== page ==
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Implicit Derivative using regular derivatives and partial derivatives

Today, I had a strange idea while doing implicit derivatives. Is there a way to find an implicit derivative using partial derivatives? I did some examples with functions and I studied the result with an exception but I'm struggling on the part where I want to prove that it woks for all kind of functions. Here's what I've come up with :

$x{y^3} + y\sin x = {x^2} + \cos y$

With the regular implicit derivative I obtain :

$\frac{{dy}}{{dx}} = \frac{{2x - {y^3} - y\cos x}}{{3x{y^2} + \sin x + \sin y}}$

With partial I decided to put z as a function of x and y then find the derivative with respect to both variables and then use an identity to get $\frac{{\partial y}}{{\partial x}}$

$\begin{array}{l} z = {x^2} + \cos y - x{y^3} - y\sin x\\ \frac{{\partial z}}{{\partial y}} = - \sin y - 3x{y^2} - \sin x\\ \frac{{\partial z}}{{\partial x}} = 2x - {y^3} - y\cos x\\ \frac{{\partial y}}{{\partial x}} = \frac{{\partial y}}{{\partial z}}\frac{{\partial z}}{{\partial x}}\\ \frac{{\partial y}}{{\partial x}} = \frac{{2x - {y^3} - y\cos x}}{{ - \sin y - 3x{y^2} - \sin x}} \end{array}$

Then I see that the only difference is a -1. I thought that maybe this is true:

$- \frac{{\partial y}}{{\partial x}} = \frac{{dy}}{{dx}}$

For the method I used.For an equation of this type I found that it holds:

$\begin{array}{l} f(x) = g(y)\\ \frac{{df(x)}}{{dx}} = \frac{{dy}}{{dx}}\frac{{dg(y)}}{{dy}}\\ \frac{{dy}}{{dx}} = \frac{{dydf(x)}}{{dxdg(y)}}\\ z = g(y) - f(x)\\ \frac{{\partial z}}{{\partial x}} = - \frac{{df(x)}}{{dx}}\\ \frac{{\partial z}}{{\partial y}} = \frac{{dg(y)}}{{dy}}\\ \frac{{\partial y}}{{\partial x}} = - \frac{{dydf(x)}}{{dxdg(y)}}\\ - \frac{{\partial y}}{{\partial x}} = \frac{{dy}}{{dx}} \end{array}$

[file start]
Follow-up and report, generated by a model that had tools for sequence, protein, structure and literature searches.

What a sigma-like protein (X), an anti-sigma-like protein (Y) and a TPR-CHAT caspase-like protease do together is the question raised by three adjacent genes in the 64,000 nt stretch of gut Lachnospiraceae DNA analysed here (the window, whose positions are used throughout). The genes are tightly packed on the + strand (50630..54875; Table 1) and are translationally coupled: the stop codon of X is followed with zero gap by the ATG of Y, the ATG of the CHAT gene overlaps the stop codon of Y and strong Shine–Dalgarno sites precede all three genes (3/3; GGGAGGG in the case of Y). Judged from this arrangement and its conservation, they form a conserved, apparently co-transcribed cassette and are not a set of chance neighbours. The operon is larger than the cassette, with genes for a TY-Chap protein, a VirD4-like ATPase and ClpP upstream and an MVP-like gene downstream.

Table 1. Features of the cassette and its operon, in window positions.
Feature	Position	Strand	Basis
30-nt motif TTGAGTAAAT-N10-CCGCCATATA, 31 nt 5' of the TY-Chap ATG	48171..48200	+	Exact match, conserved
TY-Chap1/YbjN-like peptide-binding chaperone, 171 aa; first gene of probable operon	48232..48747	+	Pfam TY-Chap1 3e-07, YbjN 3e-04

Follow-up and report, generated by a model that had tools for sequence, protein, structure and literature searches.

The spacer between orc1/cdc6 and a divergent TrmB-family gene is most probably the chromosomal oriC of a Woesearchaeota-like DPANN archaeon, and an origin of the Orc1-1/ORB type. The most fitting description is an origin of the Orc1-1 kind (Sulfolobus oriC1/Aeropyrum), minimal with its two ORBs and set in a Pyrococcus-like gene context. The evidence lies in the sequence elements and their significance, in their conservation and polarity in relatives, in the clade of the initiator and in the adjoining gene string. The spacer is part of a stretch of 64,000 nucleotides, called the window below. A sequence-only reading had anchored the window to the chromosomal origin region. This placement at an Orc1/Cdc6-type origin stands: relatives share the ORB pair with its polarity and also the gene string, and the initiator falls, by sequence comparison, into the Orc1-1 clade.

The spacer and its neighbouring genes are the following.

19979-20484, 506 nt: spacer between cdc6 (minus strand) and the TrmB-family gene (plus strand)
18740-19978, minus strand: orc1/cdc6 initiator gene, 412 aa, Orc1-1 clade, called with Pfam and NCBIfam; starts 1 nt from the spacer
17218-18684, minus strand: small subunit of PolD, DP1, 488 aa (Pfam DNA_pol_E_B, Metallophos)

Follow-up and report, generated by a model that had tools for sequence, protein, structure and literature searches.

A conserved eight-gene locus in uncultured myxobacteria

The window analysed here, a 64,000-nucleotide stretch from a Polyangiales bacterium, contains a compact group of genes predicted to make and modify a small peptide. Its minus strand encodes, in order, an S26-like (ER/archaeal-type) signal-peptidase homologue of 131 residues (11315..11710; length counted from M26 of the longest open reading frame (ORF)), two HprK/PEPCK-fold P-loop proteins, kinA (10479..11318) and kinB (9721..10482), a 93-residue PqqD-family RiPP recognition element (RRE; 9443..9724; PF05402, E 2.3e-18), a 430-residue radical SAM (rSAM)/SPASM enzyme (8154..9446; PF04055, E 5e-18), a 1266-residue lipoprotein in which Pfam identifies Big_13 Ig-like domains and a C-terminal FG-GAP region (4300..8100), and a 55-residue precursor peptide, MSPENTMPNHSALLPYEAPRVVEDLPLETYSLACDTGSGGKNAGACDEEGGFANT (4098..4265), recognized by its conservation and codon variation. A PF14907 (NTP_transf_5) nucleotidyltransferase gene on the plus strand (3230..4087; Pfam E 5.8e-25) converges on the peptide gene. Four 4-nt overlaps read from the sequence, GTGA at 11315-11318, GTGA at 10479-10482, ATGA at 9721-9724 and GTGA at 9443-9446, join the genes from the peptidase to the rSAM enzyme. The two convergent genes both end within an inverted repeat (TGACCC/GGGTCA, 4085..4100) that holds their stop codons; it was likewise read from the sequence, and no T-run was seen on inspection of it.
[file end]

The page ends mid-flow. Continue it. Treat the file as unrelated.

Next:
I've never followed any courses on partial so maybe some operations I did in this are not correct. I would really like to know if it's true, and if not then maybe where did I go wrong.

Note by Samuel Hatin
4 years, 4 months ago

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Your problem lies with the line where you write $\frac{\partial y}{\partial x} = \frac{\partial y}{\partial z}\, \frac{\partial z}{\partial x}$ Once you have functions of more than one variable, the chain rule becomes more complicated.

For example, if we have $$z = z(x,y)$$ and we can write $$x = x(u_1,\ldots,u_m)$$ and $$y = y(u_1,\ldots,u_m)$$ as functions of $$u_1,\ldots,u_m$$, then $$z$$ can be regarded as a function of $$u_1,\ldots,u_m$$. The chain rule tells us that $\begin{array}{rcl} \frac{\partial z}{\partial u_j} & = & \frac{\partial z}{\partial x} \frac{\partial x}{\partial u_j} + \frac{\partial z}{\partial y} \frac{\partial y}{\partial u_j} \end{array}$ for any $$1 \le j \le m$$.

The $$m=1$$ case of the chain rule works for you here. We are looking at an equation of the form $z(x,y) \; = \; 0$ where $$y$$ is a function of $$x$$. This means that $$z$$ can be regarded as a function of $$x$$ alone as well as a function of $$x,y$$. Since $$x,y$$ are both functions of $$x$$ alone, partial derivatives can be replaced by ordinary derivatives (there are no other variables to keep constant!), and so $\frac{\partial x}{\partial x} \; = \; \frac{d x}{d x} \; = \; 1 \qquad \frac{\partial y}{\partial x} \; = \; \frac{d y}{d x}$ The chain rule now tells us that $0 \; = \; \frac{d z}{d x} \; = \; \frac{\partial z}{\partial x}\frac{\partial x}{\partial x} + \frac{\partial z}{\partial y}\frac{\partial y}{\partial x} \; = \; \frac{\partial z}{\partial x} + \frac{\partial z}{\partial y}\frac{d y}{d x} \qquad \qquad (\star)$ and hence we deduce that $\frac{d y}{d x} \; = \; - \frac{\partial z}{\partial x}\left(\frac{\partial z}{\partial y}\right)^{-1}$ and the minus sign appears automatically. What is going on in equation $$(\star)$$ is what you naturally write down when performing implicit differentiation.

- 4 years, 4 months ago

Thanks a lot! I didn't the chain rule had to be modified. This makes it way more clear and now I see why I'm obtain these results. Thanks again!

- 4 years, 4 months ago